CASE NO. 4470 CRB-3-01-12
COMPENSATION REVIEW BOARD
WORKERS’ COMPENSATION COMMISSION
NOVEMBER 12, 2002
CEI BOTTLING & DISTRIBUTION CO.
FIREMAN’S FUND INSURANCE CO.
The claimant was represented by Richard L. Jacobs, Esq., Jacobs, Jacobs & Shannon, 265 Orange Street, New Haven, CT 06510.
The respondents were represented by Lori McHugh, Esq., Genovese, Vehslage & Chapman, 500 Enterprise Drive, Rocky Hill, CT 06067.
This Petition for Review from the November 29, 2001 Finding and Award of the Commissioner acting for the Third District was heard June 21, 2002 before a Compensation Review Board panel consisting of the Commission Chairman John A. Mastropietro and Commissioners Donald H. Doyle, Jr. and Amado J. Vargas.
JOHN A. MASTROPIETRO, CHAIRMAN. The respondents have petitioned for review from the November 29, 2001 Finding and Award of the Commissioner acting for the Third District. They contend on appeal that the trier erred by finding that they unreasonably contested liability for the claimant’s injury, and by finding that the payment of compensation in this matter was unduly delayed. We find no error on review, and affirm the trial commissioner’s decision.
The trier found the following facts. The claimant was working for the respondent CEI Bottling & Distribution Co. on August 5, 1998. On that date, she lifted a 40-pound box from the floor to an assembly line table, and then pulled it toward her in order to do her work. While pulling the box, the claimant felt pain in her left arm and screamed. Two co-workers who were facing the claimant saw the incident and heard her cry of pain. The supervisory people on the assembly line also knew that she had been injured. The claimant finished out her shift, and reported for work the next day. However, by mid-morning she was unable to continue working due to the pain, and she was taken to the emergency room by her employer. The claimant told hospital personnel that she had felt something snap in her neck on the previous day, and that she was suffering from pain in her neck and left shoulder.
The claimant returned to work, but ceased performing tasks that required her to use her left arm. On September 8, 1998, she filed a Form 30C that erroneously listed the date of injury as August 12, 1998. The claimant’s former counsel later filed a corrected Form 30C with the respondents—but not this Commission—on February 3, 1999, indicating that the correct date of injury was August 5, 1998. The respondents contested payment of medical care resulting from that injury, and submitted a form into evidence that had been signed by the claimant stating that she had not suffered a work-related injury during the week ending August 9, 1998. The trier found the claimant’s injury compensable, and further found that the respondents had unreasonably contested liability and had unduly delayed the payment of compensation through their own fault and neglect as per § 31-300 C.G.S. He thus ordered the payment of 12% interest on all compensation due the claimant, along with a reasonable attorney’s fee. The respondents have filed an appeal from that ruling.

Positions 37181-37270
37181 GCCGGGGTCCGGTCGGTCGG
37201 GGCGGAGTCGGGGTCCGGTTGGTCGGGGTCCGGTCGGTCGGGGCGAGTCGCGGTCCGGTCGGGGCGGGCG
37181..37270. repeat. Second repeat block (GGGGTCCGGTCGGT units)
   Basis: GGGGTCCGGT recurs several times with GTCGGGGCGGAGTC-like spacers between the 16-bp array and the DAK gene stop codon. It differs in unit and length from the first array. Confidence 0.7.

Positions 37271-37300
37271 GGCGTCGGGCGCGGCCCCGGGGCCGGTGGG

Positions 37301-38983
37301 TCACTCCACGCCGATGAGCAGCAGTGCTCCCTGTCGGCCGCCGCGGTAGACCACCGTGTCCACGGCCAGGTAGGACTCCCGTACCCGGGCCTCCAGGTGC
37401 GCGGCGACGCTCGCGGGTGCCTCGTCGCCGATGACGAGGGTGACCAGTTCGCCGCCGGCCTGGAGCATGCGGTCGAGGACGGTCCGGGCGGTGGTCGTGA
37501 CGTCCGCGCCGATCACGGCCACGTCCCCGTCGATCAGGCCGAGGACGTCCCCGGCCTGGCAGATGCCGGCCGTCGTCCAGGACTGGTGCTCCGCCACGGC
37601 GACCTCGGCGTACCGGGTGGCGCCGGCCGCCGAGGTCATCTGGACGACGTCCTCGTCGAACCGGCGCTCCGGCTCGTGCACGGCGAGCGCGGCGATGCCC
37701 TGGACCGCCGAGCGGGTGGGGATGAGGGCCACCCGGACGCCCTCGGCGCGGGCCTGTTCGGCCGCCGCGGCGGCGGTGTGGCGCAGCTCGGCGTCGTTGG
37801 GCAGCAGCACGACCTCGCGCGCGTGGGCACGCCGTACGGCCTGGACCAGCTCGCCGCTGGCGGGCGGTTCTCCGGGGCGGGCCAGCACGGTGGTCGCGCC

Whether or not a respondent has unreasonably contested liability or unduly delayed the payment of benefits is a question of fact for the trial commissioner, subject to the same standard of review as other factual issues that are dependent on the trier’s discretion. Strona v. Textron Lycoming Division, 4398 CRB-4-01-5 (Aug. 6, 2002); Saleh v. Poquonock Giant Grinder Shop, 4005 CRB-1-99-3 (March 13, 2000); Malafronte v. Med-Center Home Health Care, 3888 CRB-7-98-9 (Aug. 31, 1999). A trier normally awards attorney’s fees and interest pursuant to § 31-300 when, after hearing the parties’ arguments and reviewing the evidence, he concludes that there was insufficient evidence to support the respondents’ contest of a claim. Bailey v. State/GHCC, 3922 CRB-2-98-10 (Nov. 30, 1999), aff’d in part, rev’d in part on other grounds, 65 Conn. App. 592 (2001). Where sanctions have been awarded under § 31-300, the general inquiry performed on review by this board is an examination of the record to determine whether it supports the trier’s conclusion that the respondents lacked a reasonable basis upon which to contest liability. Malafronte, supra. Id.
The respondents contend here that a reasonable person could not consider the compensability of the claimant’s injuries indisputable. They protest that the trial commissioner’s decision fails to specify how or when their contest lacked substantive merit. Moreover, they identify various instances in the transcript of the claimant’s testimony where her statements were inconsistent with what she said on cross-examination, and with the contents of the September 8, 1998 Form 30C and the September 10, 1998 Yale-New Haven Hospital emergency room record. See June 6, 2000 Transcript, pp. 9-12, 17-18, 30-31, 35, 37, 47, 49-56, 62; Respondents’ Exhibit 1. So goes their argument, “Indeed, the Commissioner would not have abused his discretion by dismissing the instant claim based on finding Claimant’s testimony wholly suspect. When read in its entirety, the Trial record reveals a reasonable basis for contesting the claim based on the issue of the Claimant’s credibility.” Brief, p. 5.
In examining the trial record, we observe that, at the outset of the formal hearing, the claimant’s attorney listed the issues as “Compensability, causal connection and attorney’s fees for unreasonable contest.” June 6, 2000 Transcript, p. 2. The first exhibit offered into evidence by the claimant is a report from Yale-New Haven Hospital dated August 6, 1998, that states, “Pt. moving a box at work yesterday. Felt something snap in neck. Now has pain in L. neck & shoulder radiating down L. arm.” Claimant’s Exhibit A; Transcript, p. 23. The commissioner also took administrative notice of the September 8, 1998 Form 30C, which was prepared by the claimant (with the help of her boyfriend) and which listed the date of injury as “8-12-98,” and the cause of injury as, “While working in the line of work, I pull a box of perfume and that when I felt strong pain.” See Transcript, pp. 30-31. We note that the claimant’s primary language is Spanish, and that she testified with the help of an interpreter.